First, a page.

COMBINED FINANCES OF UNION AND STATES:
Taxes on goods and services are levied in India in various forms and at different levels of Government, Centre, states, and local bodies. Among the taxes that are leviable on goods and services, are customs and excises levied by the Centre and sales taxes levied by the states. These three taken together account for about 70 per cent of the total tax revenue and over 80 per cent of the aggregate revenue from indirect taxes. Indirect taxes are taxes on goods and services have for a long time been the dominant source of Government revenue in India, and their significance has grown sharply after Independence. The increase that has taken place in the level of taxation in the Indian economy over the past five decades - from 6.3 per cent of GDP in 1950 -51 to nearly 16 per cent at the end of century is attributable almost wholly to indirect taxes. While direct taxation has remained at around 2.3 to 3.6 per cent of GDP, the ratio of indirect taxes has risen from 4.0 to over 12 per cent. Predominance of indirect taxes is a well-known characteristic of India's tax structure. Factors responsible for this are: (i) dominance of the unorganised sector, (ii) poor literacy level, (iii) absence of standard accounting practices, (iv) low level of per capita income, and (v) problems inherent in the economy which create many administrative problems. Therefore, governments usually fall back on taxes on foreign trade, on the one hand, and on domestic production and trade, on the other, to meet the revenue requirements.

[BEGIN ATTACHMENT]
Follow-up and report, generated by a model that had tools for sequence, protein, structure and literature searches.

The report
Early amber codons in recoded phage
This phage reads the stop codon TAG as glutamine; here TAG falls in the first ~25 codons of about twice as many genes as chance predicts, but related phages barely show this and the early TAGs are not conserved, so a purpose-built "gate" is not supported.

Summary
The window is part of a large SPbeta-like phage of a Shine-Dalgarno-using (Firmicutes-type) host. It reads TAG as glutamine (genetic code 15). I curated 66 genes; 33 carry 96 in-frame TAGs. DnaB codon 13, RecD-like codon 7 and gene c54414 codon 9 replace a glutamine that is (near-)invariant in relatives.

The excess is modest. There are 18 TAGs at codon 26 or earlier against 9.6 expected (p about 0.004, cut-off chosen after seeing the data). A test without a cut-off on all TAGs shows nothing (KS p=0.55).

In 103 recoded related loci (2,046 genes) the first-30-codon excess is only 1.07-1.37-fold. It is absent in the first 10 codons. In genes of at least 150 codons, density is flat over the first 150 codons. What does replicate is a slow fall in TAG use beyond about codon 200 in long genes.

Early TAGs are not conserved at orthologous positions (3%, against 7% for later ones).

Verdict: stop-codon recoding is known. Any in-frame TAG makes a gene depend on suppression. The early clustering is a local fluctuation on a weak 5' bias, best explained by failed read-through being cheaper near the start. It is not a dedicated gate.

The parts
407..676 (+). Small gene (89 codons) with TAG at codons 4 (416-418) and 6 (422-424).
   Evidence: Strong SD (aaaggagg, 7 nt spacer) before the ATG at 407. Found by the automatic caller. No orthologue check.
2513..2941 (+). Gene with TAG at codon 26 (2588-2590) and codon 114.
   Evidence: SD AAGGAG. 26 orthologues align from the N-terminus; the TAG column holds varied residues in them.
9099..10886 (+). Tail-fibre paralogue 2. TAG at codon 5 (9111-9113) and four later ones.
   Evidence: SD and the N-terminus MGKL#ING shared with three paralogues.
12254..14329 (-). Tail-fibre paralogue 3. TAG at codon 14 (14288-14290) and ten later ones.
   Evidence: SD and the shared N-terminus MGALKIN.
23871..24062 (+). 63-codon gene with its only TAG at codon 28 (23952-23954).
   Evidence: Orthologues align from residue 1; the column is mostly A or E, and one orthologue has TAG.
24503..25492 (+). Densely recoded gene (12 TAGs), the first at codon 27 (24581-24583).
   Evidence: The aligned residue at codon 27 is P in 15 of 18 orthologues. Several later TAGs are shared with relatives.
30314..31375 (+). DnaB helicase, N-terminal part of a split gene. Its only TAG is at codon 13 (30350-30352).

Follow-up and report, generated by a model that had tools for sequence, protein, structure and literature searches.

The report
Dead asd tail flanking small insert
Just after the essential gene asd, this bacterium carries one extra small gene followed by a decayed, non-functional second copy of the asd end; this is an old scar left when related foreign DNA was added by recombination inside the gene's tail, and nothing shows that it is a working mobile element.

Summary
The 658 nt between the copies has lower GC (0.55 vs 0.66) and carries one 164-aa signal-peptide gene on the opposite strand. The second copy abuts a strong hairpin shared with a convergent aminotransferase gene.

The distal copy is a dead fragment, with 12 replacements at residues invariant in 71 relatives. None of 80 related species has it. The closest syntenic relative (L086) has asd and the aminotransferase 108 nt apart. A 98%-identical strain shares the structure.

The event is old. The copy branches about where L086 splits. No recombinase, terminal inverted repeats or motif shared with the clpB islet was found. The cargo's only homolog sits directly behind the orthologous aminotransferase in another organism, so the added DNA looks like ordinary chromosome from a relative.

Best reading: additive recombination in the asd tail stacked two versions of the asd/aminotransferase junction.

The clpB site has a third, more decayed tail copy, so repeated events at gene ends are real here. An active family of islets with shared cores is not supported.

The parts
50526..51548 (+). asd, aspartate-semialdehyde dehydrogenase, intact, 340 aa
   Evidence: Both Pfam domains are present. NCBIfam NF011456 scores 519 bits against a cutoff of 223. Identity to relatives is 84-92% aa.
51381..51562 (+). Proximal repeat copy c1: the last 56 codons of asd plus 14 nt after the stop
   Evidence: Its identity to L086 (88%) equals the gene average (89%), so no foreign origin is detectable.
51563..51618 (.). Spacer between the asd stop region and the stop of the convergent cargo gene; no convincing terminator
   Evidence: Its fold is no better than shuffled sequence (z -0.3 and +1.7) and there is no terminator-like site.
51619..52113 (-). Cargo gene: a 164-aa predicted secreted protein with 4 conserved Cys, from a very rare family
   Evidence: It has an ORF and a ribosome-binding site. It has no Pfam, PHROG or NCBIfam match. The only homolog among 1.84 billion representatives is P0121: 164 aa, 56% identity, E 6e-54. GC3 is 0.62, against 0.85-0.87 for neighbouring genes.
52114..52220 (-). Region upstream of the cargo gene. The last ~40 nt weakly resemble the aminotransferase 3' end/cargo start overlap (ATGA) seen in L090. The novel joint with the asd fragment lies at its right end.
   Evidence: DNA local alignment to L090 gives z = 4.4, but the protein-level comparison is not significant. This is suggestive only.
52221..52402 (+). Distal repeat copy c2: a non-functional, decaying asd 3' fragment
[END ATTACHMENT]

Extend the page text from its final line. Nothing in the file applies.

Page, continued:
Direct taxes of the combined Government sector (Centre and States put together) which constituted about 27 per cent, on an average, of the total tax revenues during the three decades of the fifties to seventies, eroded to about 15 per cent during the 1980s and remained at around 16 per cent, on an average, during the 1990s so far. One of the major problems in Government finances pertains to the constraints in raising resources through tax and non-tax measures. With the ongoing fiscal reforms there has been some improvement in direct tax collection. Non-tax revenue has not shown any noticeable increase. Moreover, the non-tax revenue generation process is hampered by the high quantum of subsidies both hidden and explicit.